What you need to know about the Wage Subsidy Extension

As you may be aware the Government announced that a Wage Subsidy Extension will be available for a further 8 weeks for the businesses most affected by COVID-19.

Below are some of the key facts about the Wage Subsidy Extension that you should know about before applying.

The Criteria

The criterion for the Wage Subsidy Extension is very similar to that of the original Wage Subsidy. However, there are some distinct changes:

  • Businesses must have had a minimum 40% revenue drop over a 30-day consecutive period in the 40 days immediately prior to application, attributable to the COVID-19 outbreak.
  • The employees in the application have not been given notice of redundancy (this means that if a business wants to apply for employees that have previously been made redundant, they must be rehired and the redundancy notice revoked).
  • Businesses cannot apply for employees that are on ACC earnings related compensation at the time of application. However, if an employee returns to work from ACC earnings related compensation during the Wage Subsidy Extension period, businesses can apply for the Wage Subsidy Extension for that employee.
  • When a business receives the Wage Subsidy Extension they are obligated to notify the employees of the conditions that apply to the receipt of the Wage Subsidy Extension.
  • When submitting an application for the Wage Subsidy Extension, employers are required to confirm they will retain the employees named in the application for the period of the subsidy. This does not differ from the most recent declaration, but it will be new to employers that applied for the original subsidy prior to 27 March 2020.

Applying for the Wage Subsidy Extension

The Ministry of Social Development (Work and Income) has also specified that when applying for the Wage Subsidy Extension for employees that work variable hours an averaging approach can be used to determine which rate to apply for.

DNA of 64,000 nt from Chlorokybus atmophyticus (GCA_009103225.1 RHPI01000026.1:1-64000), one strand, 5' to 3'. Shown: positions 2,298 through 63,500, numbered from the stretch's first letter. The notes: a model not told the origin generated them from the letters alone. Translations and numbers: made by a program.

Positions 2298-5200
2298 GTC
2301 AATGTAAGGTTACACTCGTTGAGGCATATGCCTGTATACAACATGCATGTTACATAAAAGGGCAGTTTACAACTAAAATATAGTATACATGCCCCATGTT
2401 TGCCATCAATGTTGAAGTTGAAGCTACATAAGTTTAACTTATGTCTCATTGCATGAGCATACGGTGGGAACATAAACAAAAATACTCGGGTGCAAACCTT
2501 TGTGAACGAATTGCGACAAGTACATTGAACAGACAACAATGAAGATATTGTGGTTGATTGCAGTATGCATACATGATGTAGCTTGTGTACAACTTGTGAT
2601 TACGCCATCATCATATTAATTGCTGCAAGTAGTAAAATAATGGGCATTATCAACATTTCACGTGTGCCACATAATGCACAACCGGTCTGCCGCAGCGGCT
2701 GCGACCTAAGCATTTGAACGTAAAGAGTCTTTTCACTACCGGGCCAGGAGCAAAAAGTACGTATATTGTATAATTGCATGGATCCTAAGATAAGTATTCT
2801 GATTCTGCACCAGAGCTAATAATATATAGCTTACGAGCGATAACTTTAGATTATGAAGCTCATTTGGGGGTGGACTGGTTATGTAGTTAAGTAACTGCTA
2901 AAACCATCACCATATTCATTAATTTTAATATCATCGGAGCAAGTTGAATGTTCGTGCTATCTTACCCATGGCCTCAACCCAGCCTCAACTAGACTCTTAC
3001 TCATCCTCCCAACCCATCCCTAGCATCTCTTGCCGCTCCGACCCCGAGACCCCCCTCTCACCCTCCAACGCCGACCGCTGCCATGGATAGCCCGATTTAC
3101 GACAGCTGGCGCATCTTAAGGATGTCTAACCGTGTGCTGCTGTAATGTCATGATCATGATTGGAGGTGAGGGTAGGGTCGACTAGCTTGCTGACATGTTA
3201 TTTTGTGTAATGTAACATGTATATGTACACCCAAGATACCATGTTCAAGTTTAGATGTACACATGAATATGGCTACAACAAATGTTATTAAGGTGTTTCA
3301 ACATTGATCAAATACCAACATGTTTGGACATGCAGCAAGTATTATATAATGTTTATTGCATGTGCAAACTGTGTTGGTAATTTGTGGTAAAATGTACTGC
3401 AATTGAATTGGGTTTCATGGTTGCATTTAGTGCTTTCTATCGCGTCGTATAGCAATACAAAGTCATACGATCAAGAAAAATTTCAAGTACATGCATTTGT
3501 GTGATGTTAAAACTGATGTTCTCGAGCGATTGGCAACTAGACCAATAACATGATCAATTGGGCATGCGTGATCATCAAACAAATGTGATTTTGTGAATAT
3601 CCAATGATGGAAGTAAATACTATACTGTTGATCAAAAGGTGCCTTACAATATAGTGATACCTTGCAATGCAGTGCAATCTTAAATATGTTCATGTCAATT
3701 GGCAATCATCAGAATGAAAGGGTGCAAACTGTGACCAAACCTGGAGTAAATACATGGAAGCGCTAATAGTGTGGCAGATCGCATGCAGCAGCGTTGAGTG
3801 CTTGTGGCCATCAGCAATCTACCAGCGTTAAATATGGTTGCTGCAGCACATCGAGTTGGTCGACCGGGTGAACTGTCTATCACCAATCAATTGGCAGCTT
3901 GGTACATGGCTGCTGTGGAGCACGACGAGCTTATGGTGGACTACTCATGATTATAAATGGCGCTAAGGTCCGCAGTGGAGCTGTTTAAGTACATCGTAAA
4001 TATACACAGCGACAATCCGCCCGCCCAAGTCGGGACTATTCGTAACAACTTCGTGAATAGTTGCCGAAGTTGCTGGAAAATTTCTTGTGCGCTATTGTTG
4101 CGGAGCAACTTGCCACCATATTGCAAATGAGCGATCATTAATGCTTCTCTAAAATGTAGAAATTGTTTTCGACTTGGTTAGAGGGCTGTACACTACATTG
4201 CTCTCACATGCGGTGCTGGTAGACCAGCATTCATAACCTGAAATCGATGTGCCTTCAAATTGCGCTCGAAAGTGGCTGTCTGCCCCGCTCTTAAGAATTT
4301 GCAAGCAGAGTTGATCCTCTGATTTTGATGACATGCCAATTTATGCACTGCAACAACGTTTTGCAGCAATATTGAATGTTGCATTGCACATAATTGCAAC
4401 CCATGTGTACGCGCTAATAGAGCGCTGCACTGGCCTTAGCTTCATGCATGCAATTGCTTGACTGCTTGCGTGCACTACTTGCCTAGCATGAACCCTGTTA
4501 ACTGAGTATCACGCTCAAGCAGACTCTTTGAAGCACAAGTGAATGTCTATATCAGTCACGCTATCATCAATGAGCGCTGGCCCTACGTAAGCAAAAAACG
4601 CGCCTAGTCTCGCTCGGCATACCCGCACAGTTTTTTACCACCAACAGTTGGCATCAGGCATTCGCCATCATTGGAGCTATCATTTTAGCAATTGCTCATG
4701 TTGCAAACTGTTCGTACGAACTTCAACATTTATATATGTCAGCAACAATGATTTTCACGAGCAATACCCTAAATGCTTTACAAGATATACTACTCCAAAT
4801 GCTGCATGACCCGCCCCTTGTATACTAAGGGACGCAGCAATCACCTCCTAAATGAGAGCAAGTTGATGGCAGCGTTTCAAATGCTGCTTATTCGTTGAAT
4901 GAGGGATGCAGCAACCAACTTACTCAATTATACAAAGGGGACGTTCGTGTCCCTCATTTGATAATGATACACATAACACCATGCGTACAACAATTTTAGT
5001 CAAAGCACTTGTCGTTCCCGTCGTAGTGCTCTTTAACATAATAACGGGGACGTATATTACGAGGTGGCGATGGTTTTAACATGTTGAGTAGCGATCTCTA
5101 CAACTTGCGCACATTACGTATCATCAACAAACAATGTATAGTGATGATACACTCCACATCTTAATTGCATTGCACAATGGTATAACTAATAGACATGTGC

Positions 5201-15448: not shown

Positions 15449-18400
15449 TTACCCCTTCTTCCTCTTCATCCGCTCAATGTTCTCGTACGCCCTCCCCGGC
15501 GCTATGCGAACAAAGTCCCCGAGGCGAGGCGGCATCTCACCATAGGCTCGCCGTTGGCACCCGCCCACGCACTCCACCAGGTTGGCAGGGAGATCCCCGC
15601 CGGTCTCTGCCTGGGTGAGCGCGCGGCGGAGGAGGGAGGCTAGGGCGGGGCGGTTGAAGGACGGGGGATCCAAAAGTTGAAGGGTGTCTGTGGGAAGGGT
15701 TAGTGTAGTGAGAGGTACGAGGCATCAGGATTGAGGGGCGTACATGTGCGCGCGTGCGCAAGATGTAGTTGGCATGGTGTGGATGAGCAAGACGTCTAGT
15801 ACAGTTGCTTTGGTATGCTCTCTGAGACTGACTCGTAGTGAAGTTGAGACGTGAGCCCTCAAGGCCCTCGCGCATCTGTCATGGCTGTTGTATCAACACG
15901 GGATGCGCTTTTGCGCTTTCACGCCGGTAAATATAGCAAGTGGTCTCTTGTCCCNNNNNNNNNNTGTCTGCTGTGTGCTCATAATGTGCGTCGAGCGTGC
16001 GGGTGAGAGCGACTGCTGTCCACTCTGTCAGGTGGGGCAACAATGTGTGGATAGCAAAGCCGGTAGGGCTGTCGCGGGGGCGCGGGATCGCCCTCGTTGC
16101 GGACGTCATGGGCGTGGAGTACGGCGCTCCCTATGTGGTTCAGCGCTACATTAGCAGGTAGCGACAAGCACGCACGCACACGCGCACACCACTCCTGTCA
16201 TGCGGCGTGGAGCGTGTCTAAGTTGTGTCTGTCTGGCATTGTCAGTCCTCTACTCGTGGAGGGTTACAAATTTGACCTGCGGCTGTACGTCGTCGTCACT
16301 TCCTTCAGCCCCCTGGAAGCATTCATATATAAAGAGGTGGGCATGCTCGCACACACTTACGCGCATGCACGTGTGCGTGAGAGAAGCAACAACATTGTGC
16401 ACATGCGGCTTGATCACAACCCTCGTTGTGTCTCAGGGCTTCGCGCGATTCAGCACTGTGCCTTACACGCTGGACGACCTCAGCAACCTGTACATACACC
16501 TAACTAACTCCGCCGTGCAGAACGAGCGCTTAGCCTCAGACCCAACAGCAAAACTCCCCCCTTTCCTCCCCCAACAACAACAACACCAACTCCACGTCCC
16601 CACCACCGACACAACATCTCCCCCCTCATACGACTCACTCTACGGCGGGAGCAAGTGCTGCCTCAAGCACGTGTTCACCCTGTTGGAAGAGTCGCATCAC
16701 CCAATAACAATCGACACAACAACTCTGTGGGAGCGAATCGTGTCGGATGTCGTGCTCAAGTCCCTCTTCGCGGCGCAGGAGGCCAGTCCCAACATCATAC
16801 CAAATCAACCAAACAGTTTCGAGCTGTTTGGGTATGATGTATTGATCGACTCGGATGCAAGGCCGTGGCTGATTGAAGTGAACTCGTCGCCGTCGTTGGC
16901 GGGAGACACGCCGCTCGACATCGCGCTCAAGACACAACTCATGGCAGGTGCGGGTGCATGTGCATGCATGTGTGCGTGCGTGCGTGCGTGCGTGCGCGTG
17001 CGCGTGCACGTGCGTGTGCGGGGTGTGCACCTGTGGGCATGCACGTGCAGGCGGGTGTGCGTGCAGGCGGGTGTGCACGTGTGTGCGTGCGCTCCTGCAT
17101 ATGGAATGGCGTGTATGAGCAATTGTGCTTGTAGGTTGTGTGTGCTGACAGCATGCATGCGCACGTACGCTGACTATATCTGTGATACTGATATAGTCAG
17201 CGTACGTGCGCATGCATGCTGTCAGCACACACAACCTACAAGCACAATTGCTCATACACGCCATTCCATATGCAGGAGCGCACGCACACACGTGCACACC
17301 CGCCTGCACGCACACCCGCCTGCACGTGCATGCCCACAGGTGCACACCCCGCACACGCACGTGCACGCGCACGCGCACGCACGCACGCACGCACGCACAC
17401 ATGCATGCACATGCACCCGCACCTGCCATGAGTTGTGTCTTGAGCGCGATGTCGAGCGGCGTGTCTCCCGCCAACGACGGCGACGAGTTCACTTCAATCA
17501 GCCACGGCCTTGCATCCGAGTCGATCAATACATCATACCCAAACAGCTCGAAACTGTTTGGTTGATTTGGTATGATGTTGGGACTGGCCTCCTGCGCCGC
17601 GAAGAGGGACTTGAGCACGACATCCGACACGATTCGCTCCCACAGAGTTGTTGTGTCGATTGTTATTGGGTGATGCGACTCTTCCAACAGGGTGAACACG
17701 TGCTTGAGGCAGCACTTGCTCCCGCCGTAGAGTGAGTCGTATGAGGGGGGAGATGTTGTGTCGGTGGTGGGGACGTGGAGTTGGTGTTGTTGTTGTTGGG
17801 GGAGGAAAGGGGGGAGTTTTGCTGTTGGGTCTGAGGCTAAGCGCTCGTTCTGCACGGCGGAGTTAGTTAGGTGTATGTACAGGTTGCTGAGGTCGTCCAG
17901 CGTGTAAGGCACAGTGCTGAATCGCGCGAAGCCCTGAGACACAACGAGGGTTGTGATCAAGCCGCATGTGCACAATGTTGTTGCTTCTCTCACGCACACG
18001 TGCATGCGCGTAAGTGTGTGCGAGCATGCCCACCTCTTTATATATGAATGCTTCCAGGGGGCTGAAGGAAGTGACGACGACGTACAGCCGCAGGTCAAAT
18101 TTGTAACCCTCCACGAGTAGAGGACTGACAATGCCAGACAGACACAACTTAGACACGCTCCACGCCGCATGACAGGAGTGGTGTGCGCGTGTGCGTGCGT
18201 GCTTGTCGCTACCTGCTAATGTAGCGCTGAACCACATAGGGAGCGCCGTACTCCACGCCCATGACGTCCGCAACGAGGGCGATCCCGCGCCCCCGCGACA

If the averaging approach is used, businesses must apply it as follows:

  • Use the average hours worked each week over the last 12 months; or
  • If the employees have been employed for less than 12 months, then the business must take an averaging approach over an 8 week period, or another period (if this is more appropriate).

Paying Employees with the Wage Subsidy Extension

In short, paying employees that are normally paid below the amount of the Wage Subsidy Extension, can get fairly confusing.

When paying employees the Wage Subsidy Extension, businesses are still required to use best endeavours to pay at least 80 per cent of each named employee’s normal wages or salary and pay at least the full amount of the subsidy to the employee.

However, where the ordinary wages or salary of an employee named in the application was lawfully below the amount of the subsidy before the impact of COVID-19, an employer is to pay the employee that amount.

Ordinary wages or salary has been defined (in relation to an employee) as:

  • The ordinary wages or salary as specified in the employee’s employment agreement as at the date you applied for this subsidy; or
  • If the business ended the employment relationship with any employee named in the application as a result of the business being adversely affected by the COVID-19 outbreak and has re-employed that employee before the date of application of the Wage Subsidy Extension, then ‘ordinary wages or salary’ means the ordinary wages or salary as specified in the employee’s employment agreement as at the date that employment relationship ended.

It appears to be permissible for businesses to:

  • Use an averaging approach when working out whether to apply for an employee as part-time or full-time, for the purposes of an application for the Wage Subsidy Extension; but then
  • Apply an “ordinary wages” approach based on the salary or wages specified in the employee’s employment agreement, when calculating the correct amount to pay an employee.

This is unusual as an employee’s wage rate in their employment agreement multiplied by the ‘ordinary hours’ in their employee’s employment, may in some cases be considerably less than their average weekly pay. The Ministry of Social Development may not have intended this anomaly and we recommend employers contact us if they encounter this issue.

If you need comprehensive advice on your obligations or rights under the Wage Subsidy Extension, please don’t hesitate to contact a member of Lane Neave’s Employment Law Team.